- 8:30 a.m. ET: The weekly jobless claims charade happens. Economists expect claims of about 400,000. They come in a little higher than that, and the prior week’s claims are revised higher, too. Then we do the same thing a week later.
- 8:30 a.m.: CPI for August is due. Economists think this rose a bit, adding to July’s gains. Was Wednesday’s weaker-than-expected PPI report a harbinger of tamer consumer inflation?
- 8:30 a.m.: The Empire State manufacturing index for September is also due. Economists think it improved a bit from August’s shocking swoon.
- 9:15 a.m.: The Fed releases data on industrial production and capacity utilization for August. Economists think production ran rose a little less than in July and that capacity use, a potential inflation driver, held steady.
- 10:00 a.m.: The Philly Fed index for September is due. As with Empire State, economists expect a rebound from a recessionary plunge in August.
- Research in Motion reports after the closing bell
- 4:30 a.m.: Spain sells some bonds, or tries to.
- 8:45 a.m.: Fed Chairman Ben Bernanke speaks.
- 10:00 a.m.: IMF head Christine Lagarde is due to speak.
- 12:30 p.m.: Departing ECB economist Juergen Stark is due to speak.
- 1:45 p.m.: Fed Governor Daniel Tarullo speaks.
- 2:00 p.m.: Jean-Claude Trichet is due to speak, too. Mercy. Or Merci.
The S&P 500 has now posted a three-day rally. The index finished the day up 1.35%, which puts it up 2.98% for the week so far. Perhaps September will turn out to be a good month after all, but so far the index remains in negative territory for the month, down 2.48%.
The index is in the red year-to-date at -5.48%, which is 12.83% below the interim high set on April 29.
From an intermediate perspective, the index is 75.7% above the March 2009 closing low and 24.1% below the nominal all-time high of October 2007.
Well, given we’ve also seen a major fall in the gold lease price (irrespective of increased vaulting costs), we would say it possibly represents the month that holding gold became less desirable than holding US Treasuries.
Or, the moment that the gold market became so saturated with gold, that the yellow metal reached its effective choke price, shifting the demand curve leading to the loss of gold’s long-held title as the ultimate form of collateral (replaced by US Treasuries and other high quality government bonds instead).
Which begs the question: Why now?
The answer is possibly because US Treasury securities (and other high-quality debt) became zero-yielding, meaning these sorts of bonds began to rank pari passu with gold as a store of value.
Until the zero-hour moment, US government debt securities were only seen as preferable due to the additional risk-free returns they could generate compared to gold. But given that gold yields were always the lowest in the market, from a risk-free perspective, gold remained viewed as the safest store of value. (The safer the security the lower the yield.)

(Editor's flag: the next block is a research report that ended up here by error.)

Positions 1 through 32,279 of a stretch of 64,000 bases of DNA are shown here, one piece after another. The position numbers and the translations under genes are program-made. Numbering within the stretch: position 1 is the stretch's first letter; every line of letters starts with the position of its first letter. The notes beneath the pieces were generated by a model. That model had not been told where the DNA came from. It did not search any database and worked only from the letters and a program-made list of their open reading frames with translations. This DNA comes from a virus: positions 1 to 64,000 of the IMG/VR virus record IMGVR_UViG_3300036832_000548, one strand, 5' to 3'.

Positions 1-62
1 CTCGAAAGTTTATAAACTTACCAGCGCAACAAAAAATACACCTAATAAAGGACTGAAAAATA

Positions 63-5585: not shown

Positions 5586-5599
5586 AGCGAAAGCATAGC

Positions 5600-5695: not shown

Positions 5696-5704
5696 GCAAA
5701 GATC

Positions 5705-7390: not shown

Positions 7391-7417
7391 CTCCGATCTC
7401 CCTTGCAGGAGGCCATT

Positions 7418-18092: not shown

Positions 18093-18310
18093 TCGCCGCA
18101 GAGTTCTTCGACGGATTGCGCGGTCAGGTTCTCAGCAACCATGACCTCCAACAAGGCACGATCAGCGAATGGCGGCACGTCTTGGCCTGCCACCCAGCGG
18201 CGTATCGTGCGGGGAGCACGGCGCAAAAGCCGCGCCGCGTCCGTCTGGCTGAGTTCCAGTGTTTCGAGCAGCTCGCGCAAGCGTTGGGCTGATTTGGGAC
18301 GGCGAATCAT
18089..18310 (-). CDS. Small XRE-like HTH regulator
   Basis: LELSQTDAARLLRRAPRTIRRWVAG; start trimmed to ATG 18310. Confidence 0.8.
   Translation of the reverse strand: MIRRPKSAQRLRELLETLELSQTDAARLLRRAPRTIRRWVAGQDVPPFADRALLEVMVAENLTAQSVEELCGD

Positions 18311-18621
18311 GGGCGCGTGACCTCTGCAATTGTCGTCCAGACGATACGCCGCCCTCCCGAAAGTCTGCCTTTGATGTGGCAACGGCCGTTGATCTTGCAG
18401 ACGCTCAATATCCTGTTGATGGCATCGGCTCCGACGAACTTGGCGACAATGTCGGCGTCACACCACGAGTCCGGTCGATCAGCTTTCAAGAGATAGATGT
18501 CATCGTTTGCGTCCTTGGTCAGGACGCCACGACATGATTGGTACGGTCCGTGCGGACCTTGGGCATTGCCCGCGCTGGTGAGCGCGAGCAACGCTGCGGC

After zero-hour, however — since both Treasuries and gold now rank pari passu in terms of yields — other qualities and factors have come into play in terms of preferences. Namely costs and risks.
For example, because gold carries a vaulting charge as well as *possible* government intervention risk (confiscation, for example) it might actually become less desirable to hold than a Treasury security. That’s despite preferences being aligned from a yield perspective.
Of course, from a central bank’s point of view, it’s hugely important that, if and when a battle of preferences does begin to impact paper-money and gold, it is paper-money that wins the day. That ultimately investors flock to Treasuries rather than gold, because the opposite could possibly undermine the US fiat-based monetary system.
If gold investors didn’t switch preferences towards Treasuries at zero-hour, the implications for the world’s key reserve currency might be catastrophic.
What it also means is that there’s currently a huge incentive for the government and central banks to make holding gold as painful, costly and problematic as possible. And, most importantly, that the cost of holding gold remains above and beyond that of holding cash (one other reason why negative interest rates, or a charge/tax on money is risky.)
Luckily in the battle of preferences, it’s Treasuries that are winning the day so far. (Not that that doesn’t create a whole new bunch of problems.)
But, as Dylan Grice at Societe Generale has noted, there is no such thing as a free lunch in the land of gold and central bank intervention.